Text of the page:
I love using books in therapy, but I also have kids with a wide variety of goals. I also see kids from early intervention all the way through teens, so I need ways to adapt books to work for a bunch of different kids. One book I’m very excited to use this season is There Was An Old Lady Who Swallowed A Bell by Lucille Colandro. Here’s how I use my Interactive Book Companion to adapt this book to my entire caseload.
First of all, I (almost) always pair a sensory bin with my activities. So many of my kids love using sensory bins, and I love them because they encourage participation and are super engaging. For books, I cut up pictures of each event in the book and have them find the pieces as we go. I also have a print out of the Old Lady so we can “feed” her each picture. This is a fun and engaging way to work on sequencing, retelling, and recalling information.
I love to use visuals with my students who are working on early language, expanding utterances, and AAC. I use this sentence strip while we read so we can follow along and form sentences on each page. I also use it with our sensory bin before we “feed” our paper Old Lady. This helps my early language learners engage with the activity and target their goals.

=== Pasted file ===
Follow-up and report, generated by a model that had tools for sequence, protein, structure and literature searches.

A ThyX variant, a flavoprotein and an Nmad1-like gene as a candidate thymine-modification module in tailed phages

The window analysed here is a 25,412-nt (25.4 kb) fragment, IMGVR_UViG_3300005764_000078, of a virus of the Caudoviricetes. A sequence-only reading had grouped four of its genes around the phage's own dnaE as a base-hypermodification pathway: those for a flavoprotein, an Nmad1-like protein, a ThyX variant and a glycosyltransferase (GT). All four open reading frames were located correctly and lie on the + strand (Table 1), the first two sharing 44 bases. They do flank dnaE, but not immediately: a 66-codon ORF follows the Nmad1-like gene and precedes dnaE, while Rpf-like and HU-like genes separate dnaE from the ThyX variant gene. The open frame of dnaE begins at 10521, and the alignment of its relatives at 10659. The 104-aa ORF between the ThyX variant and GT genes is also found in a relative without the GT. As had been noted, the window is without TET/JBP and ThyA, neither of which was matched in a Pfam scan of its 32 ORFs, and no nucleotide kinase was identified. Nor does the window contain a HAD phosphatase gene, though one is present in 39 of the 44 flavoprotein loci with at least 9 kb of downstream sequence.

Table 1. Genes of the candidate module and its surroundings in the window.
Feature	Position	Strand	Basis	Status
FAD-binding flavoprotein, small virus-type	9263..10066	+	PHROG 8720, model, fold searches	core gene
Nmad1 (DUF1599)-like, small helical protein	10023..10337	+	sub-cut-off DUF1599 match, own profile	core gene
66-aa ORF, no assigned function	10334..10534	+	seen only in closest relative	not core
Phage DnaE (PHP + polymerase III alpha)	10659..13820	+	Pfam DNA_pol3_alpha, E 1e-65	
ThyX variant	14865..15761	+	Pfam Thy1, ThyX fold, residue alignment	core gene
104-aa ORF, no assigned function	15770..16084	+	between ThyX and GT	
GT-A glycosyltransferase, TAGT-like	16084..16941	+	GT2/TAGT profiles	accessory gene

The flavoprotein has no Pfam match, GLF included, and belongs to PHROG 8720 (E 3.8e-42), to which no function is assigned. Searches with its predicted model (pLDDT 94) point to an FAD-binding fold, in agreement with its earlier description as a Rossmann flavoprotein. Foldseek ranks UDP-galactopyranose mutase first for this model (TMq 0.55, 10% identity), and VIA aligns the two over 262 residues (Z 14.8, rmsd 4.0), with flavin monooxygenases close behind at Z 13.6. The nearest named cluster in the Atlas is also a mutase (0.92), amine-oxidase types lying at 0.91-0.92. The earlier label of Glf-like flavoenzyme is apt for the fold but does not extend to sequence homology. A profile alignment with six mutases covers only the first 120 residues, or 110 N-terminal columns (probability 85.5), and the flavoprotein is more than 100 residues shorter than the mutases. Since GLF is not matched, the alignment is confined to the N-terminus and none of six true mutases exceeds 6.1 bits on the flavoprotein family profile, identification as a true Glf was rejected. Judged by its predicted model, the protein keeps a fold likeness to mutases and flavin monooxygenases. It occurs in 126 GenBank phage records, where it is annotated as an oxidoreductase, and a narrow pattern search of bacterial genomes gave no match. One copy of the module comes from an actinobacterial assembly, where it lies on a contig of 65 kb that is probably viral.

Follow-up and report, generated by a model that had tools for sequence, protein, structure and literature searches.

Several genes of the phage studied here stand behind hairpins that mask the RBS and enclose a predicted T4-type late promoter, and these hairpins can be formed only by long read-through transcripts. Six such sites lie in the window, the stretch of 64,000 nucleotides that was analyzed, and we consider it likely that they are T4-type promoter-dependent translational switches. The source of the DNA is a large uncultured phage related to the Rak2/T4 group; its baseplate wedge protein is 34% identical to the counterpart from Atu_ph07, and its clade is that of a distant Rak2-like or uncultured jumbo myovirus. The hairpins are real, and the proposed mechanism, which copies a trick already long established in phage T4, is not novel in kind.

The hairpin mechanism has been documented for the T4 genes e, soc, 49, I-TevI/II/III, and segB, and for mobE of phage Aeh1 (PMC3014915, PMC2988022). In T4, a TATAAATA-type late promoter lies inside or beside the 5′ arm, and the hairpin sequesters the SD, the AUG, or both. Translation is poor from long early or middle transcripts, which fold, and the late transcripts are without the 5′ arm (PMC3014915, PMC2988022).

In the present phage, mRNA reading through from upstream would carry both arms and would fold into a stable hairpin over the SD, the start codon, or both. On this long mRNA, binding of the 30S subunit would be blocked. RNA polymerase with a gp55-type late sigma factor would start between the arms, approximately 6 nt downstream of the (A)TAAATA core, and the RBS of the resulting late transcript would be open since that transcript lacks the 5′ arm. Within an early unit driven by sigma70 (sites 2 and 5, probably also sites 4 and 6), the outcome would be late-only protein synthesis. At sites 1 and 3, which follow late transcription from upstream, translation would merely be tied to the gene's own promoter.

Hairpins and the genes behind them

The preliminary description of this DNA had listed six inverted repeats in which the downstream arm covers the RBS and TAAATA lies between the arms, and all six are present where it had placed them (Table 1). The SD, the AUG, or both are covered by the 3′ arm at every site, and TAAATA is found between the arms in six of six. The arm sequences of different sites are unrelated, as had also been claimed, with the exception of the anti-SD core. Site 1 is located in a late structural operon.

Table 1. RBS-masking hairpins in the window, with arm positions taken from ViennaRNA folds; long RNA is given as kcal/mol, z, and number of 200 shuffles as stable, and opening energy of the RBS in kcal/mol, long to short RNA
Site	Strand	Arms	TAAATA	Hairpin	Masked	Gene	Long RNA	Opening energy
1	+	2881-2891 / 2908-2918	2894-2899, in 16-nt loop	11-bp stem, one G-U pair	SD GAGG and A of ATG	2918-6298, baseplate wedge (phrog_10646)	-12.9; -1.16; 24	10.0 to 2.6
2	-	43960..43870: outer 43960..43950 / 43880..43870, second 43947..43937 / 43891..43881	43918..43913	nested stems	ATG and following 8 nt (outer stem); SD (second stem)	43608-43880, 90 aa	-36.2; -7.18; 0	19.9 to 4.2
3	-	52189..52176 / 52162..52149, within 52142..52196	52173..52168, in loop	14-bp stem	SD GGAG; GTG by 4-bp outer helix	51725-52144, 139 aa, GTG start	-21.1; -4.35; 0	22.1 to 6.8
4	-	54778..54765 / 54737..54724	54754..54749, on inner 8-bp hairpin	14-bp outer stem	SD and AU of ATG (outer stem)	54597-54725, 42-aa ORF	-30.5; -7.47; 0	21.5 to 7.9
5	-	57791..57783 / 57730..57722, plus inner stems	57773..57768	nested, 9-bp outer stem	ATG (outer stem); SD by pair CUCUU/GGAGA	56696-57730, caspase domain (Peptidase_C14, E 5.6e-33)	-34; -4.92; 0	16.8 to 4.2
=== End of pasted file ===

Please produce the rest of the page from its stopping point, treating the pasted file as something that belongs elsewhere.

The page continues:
When we are using books in therapy, I like to incorporate the vocabulary into different activities outside of the book. We used these following directions cards to practice following 2- to 3-step directions with first/then and before/after. This helps reinforce the vocabulary while also targeting our other goals.
I have an interactive book to go with the Old Lady book so my younger kids and early AAC users can participate and stay engaged. This book uses simple, repetitive language to target core word “eat” while encouraging active participation through the use of interactive pieces.
For my older students working on comparing and contrasting, syntax, and describing, I use these compare & contrast diagrams. They include vocabulary from the book and we can use them for a ton of goals! I even use them to work on articulation generalization. I like to laminate these and use them with dry-erase markers.
For homework, I like to use these open-ended book pages for my older kids. Sometimes, we fill it out during the session and they can take it home to review. These are free on my blog! Just click the link.
This is how I’m using one book paired with my book companion for my entire caseload. What are your tips?
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